The next important characteristic of your soil is itís structure. Here is a simple test. Using the soil you collected for your samples take a canning jar or similar clear jar with a lid and put in a cup of dry soil. Add a teaspoon of non-foaming dishwasher detergent, fill two thirds of the jar with water and put on the lid. Shake thoroughly so soil and water are mixed, put it where it wonít be disturbed for a few days until it has settled.

The soil will separate into its component parts.The top layer will be clay, silt will settle in the middle and sand will go to the bottom. Now you have a visual idea of the structure of your soil.

The best garden soil is 40 per cent sand, 40 per cent silt and 20 per cent clay. By looking at the soil levels in the jar you can get a good idea of what you need to add to adjust the structure. You can use sand to help break up clay soils along with organic material like peat or sawdust. Sandy soils need lots of organic material like manure or compost.

Manure is always a good addition to the soil, fall is the best time to till it into the garden soil so it gets a chance to break down over the winter. The freezing and thawing helps the process along. Use well-rotted manure if possible, but even fresh or partly composted manure can go into the soil in the fall.

With the right mix of nutrients and the correct soil structure all of your plants will be able to produce to their potential.

 

Companion Planting

By planting two or more of certain plants together they will benefit each other, this can be a mixture of flowers, vegetables and fruits.

Plant
Neighbour

Asparagus

Tomato, Parsley

Beans

Beets, Cabbage, Carrots, Cauliflower, Celery, Corn, Cucumbers, and Potatoes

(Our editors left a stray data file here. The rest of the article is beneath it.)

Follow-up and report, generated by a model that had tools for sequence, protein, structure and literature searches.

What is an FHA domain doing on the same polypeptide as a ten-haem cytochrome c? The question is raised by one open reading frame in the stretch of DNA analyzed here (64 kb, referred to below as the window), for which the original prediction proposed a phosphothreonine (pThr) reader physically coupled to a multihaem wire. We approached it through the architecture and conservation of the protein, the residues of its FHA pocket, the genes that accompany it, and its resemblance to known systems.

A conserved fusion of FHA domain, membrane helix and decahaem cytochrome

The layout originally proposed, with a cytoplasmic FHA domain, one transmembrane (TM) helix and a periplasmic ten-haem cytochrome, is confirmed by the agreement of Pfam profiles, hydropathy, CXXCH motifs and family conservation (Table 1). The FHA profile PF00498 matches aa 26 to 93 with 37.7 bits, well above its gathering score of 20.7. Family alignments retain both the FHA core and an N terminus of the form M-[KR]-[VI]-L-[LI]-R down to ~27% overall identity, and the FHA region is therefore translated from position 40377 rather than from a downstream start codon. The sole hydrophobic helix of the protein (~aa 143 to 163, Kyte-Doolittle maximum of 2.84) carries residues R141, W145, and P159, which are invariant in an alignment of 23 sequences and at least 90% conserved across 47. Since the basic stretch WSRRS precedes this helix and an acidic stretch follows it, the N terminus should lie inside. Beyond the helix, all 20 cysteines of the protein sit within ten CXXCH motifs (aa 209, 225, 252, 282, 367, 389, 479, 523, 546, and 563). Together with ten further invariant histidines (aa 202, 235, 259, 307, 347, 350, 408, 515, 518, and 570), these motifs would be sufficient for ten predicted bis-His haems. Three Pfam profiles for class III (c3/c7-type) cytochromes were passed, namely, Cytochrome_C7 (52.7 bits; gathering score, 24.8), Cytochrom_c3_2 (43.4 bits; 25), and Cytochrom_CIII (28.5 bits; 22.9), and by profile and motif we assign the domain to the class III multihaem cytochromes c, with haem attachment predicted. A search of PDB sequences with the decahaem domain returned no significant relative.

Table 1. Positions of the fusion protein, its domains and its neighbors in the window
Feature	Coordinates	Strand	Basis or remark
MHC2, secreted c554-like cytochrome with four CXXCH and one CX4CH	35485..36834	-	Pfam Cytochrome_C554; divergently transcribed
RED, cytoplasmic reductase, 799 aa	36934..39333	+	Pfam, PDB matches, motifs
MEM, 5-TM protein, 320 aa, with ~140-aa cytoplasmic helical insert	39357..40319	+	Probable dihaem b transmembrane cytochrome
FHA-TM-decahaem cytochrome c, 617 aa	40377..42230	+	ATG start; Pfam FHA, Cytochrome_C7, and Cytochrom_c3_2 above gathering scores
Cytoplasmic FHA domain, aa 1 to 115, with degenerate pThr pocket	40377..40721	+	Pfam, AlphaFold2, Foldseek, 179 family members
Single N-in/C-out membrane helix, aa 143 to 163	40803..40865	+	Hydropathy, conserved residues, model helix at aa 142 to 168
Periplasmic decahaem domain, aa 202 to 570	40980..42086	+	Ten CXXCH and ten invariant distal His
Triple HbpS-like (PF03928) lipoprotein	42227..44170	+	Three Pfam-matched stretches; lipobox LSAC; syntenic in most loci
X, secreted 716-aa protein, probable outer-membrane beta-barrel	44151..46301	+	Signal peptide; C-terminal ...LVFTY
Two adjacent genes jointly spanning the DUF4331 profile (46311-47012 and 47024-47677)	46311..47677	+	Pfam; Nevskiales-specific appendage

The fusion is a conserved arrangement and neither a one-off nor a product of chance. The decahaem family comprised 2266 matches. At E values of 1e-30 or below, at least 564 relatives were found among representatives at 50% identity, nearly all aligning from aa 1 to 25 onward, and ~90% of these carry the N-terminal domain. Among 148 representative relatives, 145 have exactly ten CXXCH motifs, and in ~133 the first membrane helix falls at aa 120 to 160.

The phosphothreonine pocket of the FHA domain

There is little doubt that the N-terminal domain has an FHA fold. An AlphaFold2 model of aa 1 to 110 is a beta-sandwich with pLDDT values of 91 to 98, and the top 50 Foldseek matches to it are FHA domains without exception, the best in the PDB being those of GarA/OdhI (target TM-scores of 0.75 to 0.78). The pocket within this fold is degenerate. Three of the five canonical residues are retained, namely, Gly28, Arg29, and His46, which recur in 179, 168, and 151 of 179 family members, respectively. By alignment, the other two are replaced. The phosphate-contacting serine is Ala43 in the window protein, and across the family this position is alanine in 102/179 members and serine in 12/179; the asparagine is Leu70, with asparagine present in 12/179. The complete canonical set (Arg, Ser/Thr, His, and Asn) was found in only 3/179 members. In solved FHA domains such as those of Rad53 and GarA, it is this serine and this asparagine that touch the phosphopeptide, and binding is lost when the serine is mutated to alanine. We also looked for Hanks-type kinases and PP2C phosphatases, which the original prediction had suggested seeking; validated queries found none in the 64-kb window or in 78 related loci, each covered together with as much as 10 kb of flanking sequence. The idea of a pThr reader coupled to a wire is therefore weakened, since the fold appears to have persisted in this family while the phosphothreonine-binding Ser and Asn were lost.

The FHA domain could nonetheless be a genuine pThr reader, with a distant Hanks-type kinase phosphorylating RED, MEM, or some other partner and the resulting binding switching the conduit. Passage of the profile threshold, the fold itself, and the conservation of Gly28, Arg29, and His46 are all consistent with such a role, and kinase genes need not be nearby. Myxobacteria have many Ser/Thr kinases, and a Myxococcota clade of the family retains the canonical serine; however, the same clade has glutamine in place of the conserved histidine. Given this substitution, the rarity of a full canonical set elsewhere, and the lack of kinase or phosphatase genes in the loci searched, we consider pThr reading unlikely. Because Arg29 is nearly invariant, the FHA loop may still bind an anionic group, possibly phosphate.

Beets

Beans, Kohlrabi, Onion

Broccoli, Cabbage

Dill, Potatoes, Mint, Rosemary, Sage

Carrots

Chives, Lettuce, Onions

Cauliflower

Dill, Potatoes, Mint, Rosemary, Sage

Celery

Beans

Corn

Beans, Cucumbers, Melons, Peas, Potatoes, Pumpkins, Squash

Cucumbers

Cabbage, Corn, Potatoes, Radishes

Lettuce

Carrots, Radishes, Strawberries

Onions

Beets, Carrots

Peas

Beans, Carrots, Corn, Cucumbers, Radishes, Turnips

Potatoes

Beans, Cabbage, Horseradish, Marigold, Peas, Sweet Corn

Pumpkins

Beans, Cabbage, Horseradish, Marigold, Peas, Sweet Corn

Radishes

Cucumbers, Lettuce, Nasturtiums, Peas

Spinach

Strawberries

Tomatoes

Cabbage, Chives, Cucumbers, Marigolds, Parsley, Potatoes

Strawberries

Beans, Lettuce, Spinach

Roses

Chives, Garlic, Marigolds, Onions

Buying Plants

There are many vegetables that need to be started indoors from seed, then transplanted to the garden, for the beginner it is better to purchase well grown plants from a reputable nursery.

Buy short, stocky plants that are a healthy green in colour, avoid tall and spindly stock.

When transplanting from the container to the garden try to keep as much soil as possible around the roots. Try to disturb the plant as little as possible. Set the plant slightly deeper than it was in the container, cover the roots with a little soil, pour about a cup of "Starter Solution" (liquid complete fertilizer with a high phosphorus content) into the hole, then fill with soil. Pack the soil around the plant firmly, working around the edges of the root ball rather than in close to the stem, to eliminate any air pockets around the roots.

Planting Seeds

Follow the instructions on the seed package as to depth and spacing, then be sure to thin the plants soon after they have come through the ground. Be ruthless, crowded plants will not thrive competing for moisture and plant food, thinned plants will grow faster and be healthier.

Cultivation

Weeds must be destroyed as soon as they appear through the soil so frequent cultivation is necessary otherwise they will rob the garden of plant food and moisture. Always cultivate shallowly so as not to damage feeding roots of the plants that are close to the top of the soil. The best tool for this is a Dutch hoe which allows you to work backwards, eliminating footprints. Try to avoid chemicals for weed control as you may also kill some of your vegetables because what is safe for one may be deadly to another kind close by.